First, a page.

Late 1980s English football was uncool and at times unsafe.
In 1985, the year a commercial dispute kept league football off television for six months, BBC head of sport Jonathan Martin wrote: “soccer is no longer at the heart of the TV schedules and is never likely to be again”. In 1988-89 21 games were shown live, 10m watching the thrilling title decider between Liverpool and Arsenal, compared to 18.5m for the 1985 World Snooker final.
As 1990 started, English clubs had not played in Europe since the 1985 Heysel disaster. The 1985 Bradford City fire and 1989 Hillsborough disaster finally pushed through an overdue overhaul of crumbling stadia.
World In Motion, England’s song for the 1990 World Cup which did much to kick-start the game in this country, stressed: “This ain’t no football song.”
Football in the 1980s was less sophisticated, tackling often brutal, defences given the benefit of the doubt by the offside rule, and goalkeepers free to pick up backpasses. England’s best players headed to Italy, Spain, France or even Scotland.
“I grew up in the 1990s so it’s quite hard to get my head around how things were,” says Owls fan Whitworth. “It turned from out of the dark and into the light.”
Sheffields United and Wednesday, Middlesbrough and champions Leeds United were Premier League founders but all except Boro have since had spells in the third tier.
Winners of the 1991 League Cup as a Second Division side, Wednesday reached both major 1993 cup finals, propelled by Chris Waddle, bought from Marseille, where he shone in one of Europe’s best teams. The Owls failed to progress and were relegated in 2000, yet to return.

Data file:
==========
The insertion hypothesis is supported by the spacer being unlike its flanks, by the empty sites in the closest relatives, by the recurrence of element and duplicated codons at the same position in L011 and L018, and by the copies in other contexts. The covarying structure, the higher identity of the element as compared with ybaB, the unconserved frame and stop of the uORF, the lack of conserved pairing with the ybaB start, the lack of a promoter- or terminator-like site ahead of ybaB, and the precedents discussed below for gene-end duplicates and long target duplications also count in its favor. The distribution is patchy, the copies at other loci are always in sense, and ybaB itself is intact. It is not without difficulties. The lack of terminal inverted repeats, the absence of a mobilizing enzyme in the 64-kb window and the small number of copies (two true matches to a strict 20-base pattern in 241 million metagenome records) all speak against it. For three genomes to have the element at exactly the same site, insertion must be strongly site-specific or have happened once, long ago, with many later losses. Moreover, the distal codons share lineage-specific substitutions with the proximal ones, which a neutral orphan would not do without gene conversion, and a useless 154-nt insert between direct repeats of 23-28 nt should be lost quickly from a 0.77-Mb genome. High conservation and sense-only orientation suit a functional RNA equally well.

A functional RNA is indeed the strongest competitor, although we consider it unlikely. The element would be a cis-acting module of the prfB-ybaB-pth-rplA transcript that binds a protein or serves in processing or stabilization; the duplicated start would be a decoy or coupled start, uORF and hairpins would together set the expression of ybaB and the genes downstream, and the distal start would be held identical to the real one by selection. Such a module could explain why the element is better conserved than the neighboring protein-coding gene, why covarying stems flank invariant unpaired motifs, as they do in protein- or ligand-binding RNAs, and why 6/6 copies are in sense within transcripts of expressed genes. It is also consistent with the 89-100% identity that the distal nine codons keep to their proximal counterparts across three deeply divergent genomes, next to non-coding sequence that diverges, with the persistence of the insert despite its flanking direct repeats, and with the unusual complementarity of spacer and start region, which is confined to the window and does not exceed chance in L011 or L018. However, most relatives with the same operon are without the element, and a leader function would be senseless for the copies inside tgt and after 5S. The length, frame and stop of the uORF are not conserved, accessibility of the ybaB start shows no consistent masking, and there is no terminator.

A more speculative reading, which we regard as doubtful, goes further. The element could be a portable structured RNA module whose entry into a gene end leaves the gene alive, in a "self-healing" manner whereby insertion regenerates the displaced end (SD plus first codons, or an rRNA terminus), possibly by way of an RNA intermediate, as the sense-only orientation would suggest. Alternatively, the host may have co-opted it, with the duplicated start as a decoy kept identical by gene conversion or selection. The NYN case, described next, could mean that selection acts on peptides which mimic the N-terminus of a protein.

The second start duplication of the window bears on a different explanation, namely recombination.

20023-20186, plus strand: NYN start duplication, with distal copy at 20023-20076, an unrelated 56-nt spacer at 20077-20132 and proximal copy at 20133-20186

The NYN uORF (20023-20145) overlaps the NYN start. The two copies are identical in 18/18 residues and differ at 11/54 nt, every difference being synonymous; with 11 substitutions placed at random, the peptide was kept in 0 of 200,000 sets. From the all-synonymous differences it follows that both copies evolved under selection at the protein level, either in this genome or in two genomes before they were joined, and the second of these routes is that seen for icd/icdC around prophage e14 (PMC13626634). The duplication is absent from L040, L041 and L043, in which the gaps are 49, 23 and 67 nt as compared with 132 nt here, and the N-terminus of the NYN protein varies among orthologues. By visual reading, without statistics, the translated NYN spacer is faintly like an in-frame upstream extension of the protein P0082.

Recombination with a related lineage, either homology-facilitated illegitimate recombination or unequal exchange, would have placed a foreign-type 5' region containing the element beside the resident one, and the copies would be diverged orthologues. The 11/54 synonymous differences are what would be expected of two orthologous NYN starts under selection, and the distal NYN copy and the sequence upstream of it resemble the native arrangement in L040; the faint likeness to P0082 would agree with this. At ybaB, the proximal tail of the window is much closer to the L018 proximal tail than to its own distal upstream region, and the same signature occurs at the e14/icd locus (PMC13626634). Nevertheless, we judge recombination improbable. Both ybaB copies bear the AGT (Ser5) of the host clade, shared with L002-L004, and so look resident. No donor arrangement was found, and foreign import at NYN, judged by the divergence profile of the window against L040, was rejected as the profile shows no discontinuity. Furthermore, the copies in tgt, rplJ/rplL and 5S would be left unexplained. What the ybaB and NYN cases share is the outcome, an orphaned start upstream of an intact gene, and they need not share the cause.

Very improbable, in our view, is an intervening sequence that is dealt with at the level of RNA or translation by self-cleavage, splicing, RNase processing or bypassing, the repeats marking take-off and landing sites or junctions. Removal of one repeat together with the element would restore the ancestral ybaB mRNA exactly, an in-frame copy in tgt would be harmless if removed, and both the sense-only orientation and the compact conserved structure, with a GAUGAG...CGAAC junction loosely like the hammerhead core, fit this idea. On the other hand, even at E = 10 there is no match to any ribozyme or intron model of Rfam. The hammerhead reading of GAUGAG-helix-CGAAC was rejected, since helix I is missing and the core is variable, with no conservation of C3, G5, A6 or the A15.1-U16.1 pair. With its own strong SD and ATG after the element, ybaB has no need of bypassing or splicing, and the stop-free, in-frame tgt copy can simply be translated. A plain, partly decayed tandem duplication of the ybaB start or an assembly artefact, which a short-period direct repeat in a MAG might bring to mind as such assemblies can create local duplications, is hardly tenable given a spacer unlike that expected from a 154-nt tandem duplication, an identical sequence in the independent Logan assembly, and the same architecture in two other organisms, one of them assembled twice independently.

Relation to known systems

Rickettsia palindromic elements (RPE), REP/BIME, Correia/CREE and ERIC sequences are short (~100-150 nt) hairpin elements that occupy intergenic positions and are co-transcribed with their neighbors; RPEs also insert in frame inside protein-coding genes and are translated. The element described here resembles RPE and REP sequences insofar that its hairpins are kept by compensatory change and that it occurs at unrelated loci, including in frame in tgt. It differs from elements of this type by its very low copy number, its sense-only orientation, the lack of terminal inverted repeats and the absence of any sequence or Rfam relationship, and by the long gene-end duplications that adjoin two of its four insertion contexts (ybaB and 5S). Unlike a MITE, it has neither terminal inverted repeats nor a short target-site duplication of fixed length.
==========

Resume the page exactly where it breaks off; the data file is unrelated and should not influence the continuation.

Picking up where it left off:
“Change was happening all around us as Wednesday fans but they didn’t really capitalise on it,” says Whitworth. “There weren’t the signings to take them to the next level in each position.”
The Sky Sports money which transformed the game made it harder for Wednesday and later Leeds once they dropped out of the elite and changed perceptions. Staying in the top division is now a triumph, finishing fourth more prized than the FA Cup.
“When Wednesday dropped out of the First Division under Ron Atkinson they came back up with pretty much the same group of players and they were just far too good for that division,” points out Whitworth. “That was possible in that era. Now a lot of teams are seemingly just interested in staying in the division and that’s it. Some of the clubs seem almost stuck.
“Look at Huddersfield – what is the legacy of their time in the Premier League?”
Leeds kept pace, ending the 1990s top of the Premier League, building towards a semi-final in the Champions League – another 1990s invention. Eventually, it caught up with them.
“I guess Leeds could be an example of how although all this money is quite good, you’ve got to be careful,” reflects Whitworth.
One area Yorkshire can take pride in is Huddersfield’s leading role in a new generation of stadia.
“Grounds are safer and more comfortable,” he points out. “The new stadiums probably appealed to a wider audience, although it became more expensive.
“Huddersfield really made a statement in terms of the design of their new ground and where they decided to build it, close to Leeds Road. They went for it, in terms of the capacity and everything to build a stadium fit for the Premier League.”
Unless Barnsley can do something special, in a matter of weeks, Yorkshire will be back to one Premier League club. Like most revolutions, football’s in the 1990s could be brutal.
When the Seagulls Follow the Trawler, by Tom Whitworth, is published by Pitch.
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